The cognitive scientist and applied mathematician Ronaldo Vigo argues that information is a concept that involves at least two related entities in order to make quantitative sense. These are, any dimensionally defined category of objects S, and any of its subsets R. R, in essence, is a representation of S, or, in other words, conveys representational (and hence, conceptual) information about S. Vigo then defines the amount of information that R conveys about S as the rate of change in the complexity of S whenever the objects in R are removed from S. Under "Vigo information", pattern, invariance, complexity, representation, and information—five fundamental constructs of universal science—are unified under a novel mathematical framework.[7][8][9] Among other things, the framework aims to overcome the limitations of Shannon-Weaver information when attempting to characterize and measure subjective information.

As an influence which leads to a transformationEdit

Information is any type of pattern that influences the formation or transformation of other patterns.[10][11] In this sense, there is no need for a conscious mind to perceive, much less appreciate, the pattern.[citation needed] Consider, for example, DNA. The sequence of nucleotides is a pattern that influences the formation and development of an organism without any need for a conscious mind. One might argue though that for a human to consciously define a pattern, for example a nucleotide, naturally involves conscious information processing.

Systems theory at times seems to refer to information in this sense, assuming information does not necessarily involve any conscious mind, and patterns circulating (due to feedback) in the system can be called information. In other words, it can be said that information in this sense is something potentially perceived as representation, though not created or presented for that purpose. For example, Gregory Bateson defines "information" as a "difference that makes a difference".[12]

If, however, the premise of "influence" implies that information has been perceived by a conscious mind and also interpreted by it, the specific context associated with this interpretation may cause the transformation of the information into knowledge. Complex definitions of both "information" and "knowledge" make such semantic and logical analysis difficult, but the condition of "transformation" is an important point in the study of information as it relates to knowledge, especially in the business discipline of knowledge management. In this practice, tools and processes are used to assist a knowledge worker in performing research and making decisions, including steps such as:

  • reviewing information in order to effectively derive value and meaning
  • referencing metadata if any is available
  • establishing a relevant context, often selecting from many possible contexts
  • deriving new knowledge from the information
  • making decisions or recommendations from the resulting knowledge.

Stewart (2001) argues that the transformation of information into knowledge is a critical one, lying at the core of value creation and competitive advantage for the modern enterprise.

The Danish Dictionary of Information Terms[13] argues that information only provides an answer to a posed question. Whether the answer provides knowledge depends on the informed person. So a generalized definition of the concept should be: "Information" = An answer to a specific question".

When Marshall McLuhan speaks of media and their effects on human cultures, he refers to the structure of artifacts that in turn shape our behaviors and mindsets. Also, pheromones are often said to be "information" in this sense.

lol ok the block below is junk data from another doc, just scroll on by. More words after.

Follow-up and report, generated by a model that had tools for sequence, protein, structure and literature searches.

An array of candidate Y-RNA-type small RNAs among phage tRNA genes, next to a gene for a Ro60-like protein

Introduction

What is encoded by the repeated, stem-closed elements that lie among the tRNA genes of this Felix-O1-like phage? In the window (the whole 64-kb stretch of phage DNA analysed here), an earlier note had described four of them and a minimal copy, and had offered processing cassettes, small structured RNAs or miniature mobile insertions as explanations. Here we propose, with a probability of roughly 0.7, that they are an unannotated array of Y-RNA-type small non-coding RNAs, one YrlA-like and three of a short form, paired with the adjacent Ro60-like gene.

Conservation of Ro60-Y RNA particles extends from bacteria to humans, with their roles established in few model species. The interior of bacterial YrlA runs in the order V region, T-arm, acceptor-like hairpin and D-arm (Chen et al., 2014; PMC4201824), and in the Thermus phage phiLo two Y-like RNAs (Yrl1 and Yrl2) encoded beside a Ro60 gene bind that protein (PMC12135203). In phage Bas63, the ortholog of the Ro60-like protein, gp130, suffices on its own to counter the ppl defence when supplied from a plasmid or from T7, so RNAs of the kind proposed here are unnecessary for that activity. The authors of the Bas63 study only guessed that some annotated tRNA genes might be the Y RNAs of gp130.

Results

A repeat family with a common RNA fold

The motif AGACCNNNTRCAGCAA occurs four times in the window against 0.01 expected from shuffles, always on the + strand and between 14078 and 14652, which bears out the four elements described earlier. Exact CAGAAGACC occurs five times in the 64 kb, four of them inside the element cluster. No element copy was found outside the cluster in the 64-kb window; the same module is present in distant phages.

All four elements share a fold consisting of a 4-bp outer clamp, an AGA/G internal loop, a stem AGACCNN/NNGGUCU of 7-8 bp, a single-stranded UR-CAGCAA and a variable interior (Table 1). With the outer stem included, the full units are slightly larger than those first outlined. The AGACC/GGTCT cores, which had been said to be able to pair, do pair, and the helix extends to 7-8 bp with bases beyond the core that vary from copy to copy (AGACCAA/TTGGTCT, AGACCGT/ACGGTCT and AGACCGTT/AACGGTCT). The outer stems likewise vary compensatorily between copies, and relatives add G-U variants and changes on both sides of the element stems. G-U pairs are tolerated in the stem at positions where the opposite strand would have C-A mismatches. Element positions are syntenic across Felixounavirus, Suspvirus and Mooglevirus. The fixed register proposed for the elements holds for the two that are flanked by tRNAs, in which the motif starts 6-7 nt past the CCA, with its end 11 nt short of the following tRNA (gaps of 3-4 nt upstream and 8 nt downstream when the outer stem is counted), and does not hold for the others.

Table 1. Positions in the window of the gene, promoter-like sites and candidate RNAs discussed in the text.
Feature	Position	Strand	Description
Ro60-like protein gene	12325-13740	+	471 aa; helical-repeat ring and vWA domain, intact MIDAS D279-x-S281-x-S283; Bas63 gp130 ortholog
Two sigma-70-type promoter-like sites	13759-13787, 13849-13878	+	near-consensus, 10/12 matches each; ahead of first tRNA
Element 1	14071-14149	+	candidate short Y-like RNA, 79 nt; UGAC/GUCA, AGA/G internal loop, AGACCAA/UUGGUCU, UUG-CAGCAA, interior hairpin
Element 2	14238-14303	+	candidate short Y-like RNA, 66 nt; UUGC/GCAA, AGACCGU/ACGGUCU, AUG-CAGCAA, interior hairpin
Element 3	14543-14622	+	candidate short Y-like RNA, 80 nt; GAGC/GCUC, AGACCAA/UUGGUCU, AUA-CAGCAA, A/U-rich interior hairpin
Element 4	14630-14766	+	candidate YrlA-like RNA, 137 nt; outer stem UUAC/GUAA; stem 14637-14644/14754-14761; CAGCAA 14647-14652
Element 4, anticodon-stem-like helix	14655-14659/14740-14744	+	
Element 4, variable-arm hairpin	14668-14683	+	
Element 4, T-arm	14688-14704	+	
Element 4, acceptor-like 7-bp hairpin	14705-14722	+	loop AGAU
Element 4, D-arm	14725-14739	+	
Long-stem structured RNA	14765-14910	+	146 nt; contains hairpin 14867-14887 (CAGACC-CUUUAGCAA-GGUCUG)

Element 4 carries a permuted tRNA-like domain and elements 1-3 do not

As a property in physicsEdit

Information has a well-defined meaning in physics. In 2003 J. D. Bekenstein claimed that a growing trend in physics was to define the physical world as being made up of information itself (and thus information is defined in this way) (see Digital physics). Examples of this include the phenomenon of quantum entanglement, where particles can interact without reference to their separation or the speed of light. Material information itself cannot travel faster than light even if that information is transmitted indirectly. This could lead to all attempts at physically observing a particle with an "entangled" relationship to another being slowed down, even though the particles are not connected in any other way other than by the information they carry.

The mathematical universe hypothesis suggests a new paradigm, in which virtually everything, from particles and fields, through biological entities and consciousness, to the multiverse itself, could be described by mathematical patterns of information. By the same token, the cosmic void can be conceived of as the absence of material information in space (setting aside the virtual particles that pop in and out of existence due to quantum fluctuations, as well as the gravitational field and the dark energy). Nothingness can be understood then as that within which no matter, energy, space, time, or any other type of information could exist, which would be possible if symmetry and structure break within the manifold of the multiverse (i.e. the manifold would have tears or holes).

Another link is demonstrated by the Maxwell's demon thought experiment. In this experiment, a direct relationship between information and another physical property, entropy, is demonstrated. A consequence is that it is impossible to destroy information without increasing the entropy of a system; in practical terms this often means generating heat. Another more philosophical outcome is that information could be thought of as interchangeable with energy. Toyabe et al. experimentally showed in nature that information can be converted into work.[14] Thus, in the study of logic gates, the theoretical lower bound of thermal energy released by an AND gate is higher than for the NOT gate (because information is destroyed in an AND gate and simply converted in a NOT gate). Physical information is of particular importance in the theory of quantum computers.